Augustine begins book 3 with a discussion of catastrophes that have come to Troy and Rome, as a reminder that the gods have not protected either city even when the citizens of those cities worshipped the gods faithfully. Troy was sacked by the Greeks, then burned to the ground later by the Romans. Perhaps, he suggests, the gods allowed Troy to be sacked because Paris had committed adultery, except that the gods committed the same kinds of adulteries (and so wouldn’t have seen adultery as an offense). If the gods did not protect Troy, then why would they protect Rome, which was founded by brother-killing Romulus? Why did Rome trust in these gods (the same gods, brought to Rome by Aeneas, presumably)?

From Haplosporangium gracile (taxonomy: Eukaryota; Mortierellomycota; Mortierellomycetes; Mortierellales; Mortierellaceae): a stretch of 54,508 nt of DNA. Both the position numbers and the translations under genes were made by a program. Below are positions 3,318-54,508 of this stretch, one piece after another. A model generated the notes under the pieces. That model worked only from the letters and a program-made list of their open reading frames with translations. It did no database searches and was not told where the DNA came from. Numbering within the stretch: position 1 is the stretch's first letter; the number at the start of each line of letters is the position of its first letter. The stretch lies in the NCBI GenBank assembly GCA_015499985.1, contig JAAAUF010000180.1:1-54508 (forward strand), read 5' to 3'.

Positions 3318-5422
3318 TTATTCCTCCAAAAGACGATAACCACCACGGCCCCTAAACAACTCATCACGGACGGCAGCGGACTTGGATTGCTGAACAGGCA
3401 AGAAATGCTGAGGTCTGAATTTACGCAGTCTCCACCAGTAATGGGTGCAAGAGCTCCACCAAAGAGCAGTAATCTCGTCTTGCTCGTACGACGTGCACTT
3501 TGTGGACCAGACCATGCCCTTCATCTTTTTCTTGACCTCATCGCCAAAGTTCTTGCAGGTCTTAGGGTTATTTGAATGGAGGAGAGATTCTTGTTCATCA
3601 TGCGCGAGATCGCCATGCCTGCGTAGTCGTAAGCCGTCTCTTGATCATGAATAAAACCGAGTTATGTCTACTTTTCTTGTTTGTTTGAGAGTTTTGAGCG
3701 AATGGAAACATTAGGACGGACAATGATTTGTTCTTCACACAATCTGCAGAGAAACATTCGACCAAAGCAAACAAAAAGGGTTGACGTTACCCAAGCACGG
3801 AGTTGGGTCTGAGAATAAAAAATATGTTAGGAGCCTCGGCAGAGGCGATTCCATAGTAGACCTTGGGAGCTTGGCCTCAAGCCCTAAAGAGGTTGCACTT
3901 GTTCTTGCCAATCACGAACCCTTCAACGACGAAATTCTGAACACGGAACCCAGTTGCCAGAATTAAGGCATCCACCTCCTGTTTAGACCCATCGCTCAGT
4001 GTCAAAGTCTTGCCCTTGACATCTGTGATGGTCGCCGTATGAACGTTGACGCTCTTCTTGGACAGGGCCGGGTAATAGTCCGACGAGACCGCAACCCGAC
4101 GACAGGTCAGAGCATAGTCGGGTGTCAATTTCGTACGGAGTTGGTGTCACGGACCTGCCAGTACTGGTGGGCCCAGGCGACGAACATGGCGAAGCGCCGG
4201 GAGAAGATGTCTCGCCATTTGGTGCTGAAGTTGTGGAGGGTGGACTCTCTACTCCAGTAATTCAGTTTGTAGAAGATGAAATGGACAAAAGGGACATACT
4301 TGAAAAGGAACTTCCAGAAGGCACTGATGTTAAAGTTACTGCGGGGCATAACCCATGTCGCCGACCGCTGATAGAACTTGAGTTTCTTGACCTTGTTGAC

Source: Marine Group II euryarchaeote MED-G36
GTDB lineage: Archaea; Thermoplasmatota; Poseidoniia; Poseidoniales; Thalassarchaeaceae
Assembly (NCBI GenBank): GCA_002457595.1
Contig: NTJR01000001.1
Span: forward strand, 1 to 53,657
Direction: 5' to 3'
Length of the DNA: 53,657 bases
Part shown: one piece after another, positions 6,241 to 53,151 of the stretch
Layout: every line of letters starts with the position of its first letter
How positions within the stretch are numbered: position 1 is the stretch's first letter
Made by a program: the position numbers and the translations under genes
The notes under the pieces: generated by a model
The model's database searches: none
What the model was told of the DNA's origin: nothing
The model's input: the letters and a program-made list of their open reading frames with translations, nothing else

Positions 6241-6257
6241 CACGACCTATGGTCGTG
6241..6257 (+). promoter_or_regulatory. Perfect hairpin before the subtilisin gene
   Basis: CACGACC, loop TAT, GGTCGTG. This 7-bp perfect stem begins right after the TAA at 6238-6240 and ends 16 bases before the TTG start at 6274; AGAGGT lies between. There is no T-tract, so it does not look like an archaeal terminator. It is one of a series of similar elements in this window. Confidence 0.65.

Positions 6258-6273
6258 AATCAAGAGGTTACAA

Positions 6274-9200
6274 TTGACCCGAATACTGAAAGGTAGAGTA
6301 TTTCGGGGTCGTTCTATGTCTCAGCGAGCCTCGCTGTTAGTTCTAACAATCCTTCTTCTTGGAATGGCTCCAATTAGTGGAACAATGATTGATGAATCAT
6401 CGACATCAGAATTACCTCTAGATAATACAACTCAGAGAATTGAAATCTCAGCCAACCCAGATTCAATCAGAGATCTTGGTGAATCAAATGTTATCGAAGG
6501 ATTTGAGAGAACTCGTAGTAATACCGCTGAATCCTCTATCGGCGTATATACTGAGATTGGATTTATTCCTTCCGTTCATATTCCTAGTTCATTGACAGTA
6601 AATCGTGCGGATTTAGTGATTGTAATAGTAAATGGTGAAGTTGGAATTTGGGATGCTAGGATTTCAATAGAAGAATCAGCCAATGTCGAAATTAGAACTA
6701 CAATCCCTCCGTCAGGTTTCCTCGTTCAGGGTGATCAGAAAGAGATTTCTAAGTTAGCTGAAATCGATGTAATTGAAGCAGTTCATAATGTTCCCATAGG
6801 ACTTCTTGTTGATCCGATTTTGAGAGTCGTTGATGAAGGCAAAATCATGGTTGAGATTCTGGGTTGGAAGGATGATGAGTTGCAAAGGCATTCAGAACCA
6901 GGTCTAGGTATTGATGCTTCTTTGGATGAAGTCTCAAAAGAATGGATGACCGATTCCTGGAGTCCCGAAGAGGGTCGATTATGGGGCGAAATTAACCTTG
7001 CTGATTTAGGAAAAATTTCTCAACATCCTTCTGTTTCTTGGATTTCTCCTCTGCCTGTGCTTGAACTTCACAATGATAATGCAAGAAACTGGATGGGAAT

Quote of the day: “Evil men regard as evils only those things which do not make man evil. They do not blush to praise good things yet to remain evil themselves even among the good things that they praise. It vexes them more to have a bad house than a bad life, as if the greatest good for a man were to have everything good but himself.”

May we be made good, even if it mean we have bad houses or many other evils of this life. Blessings,

Josh

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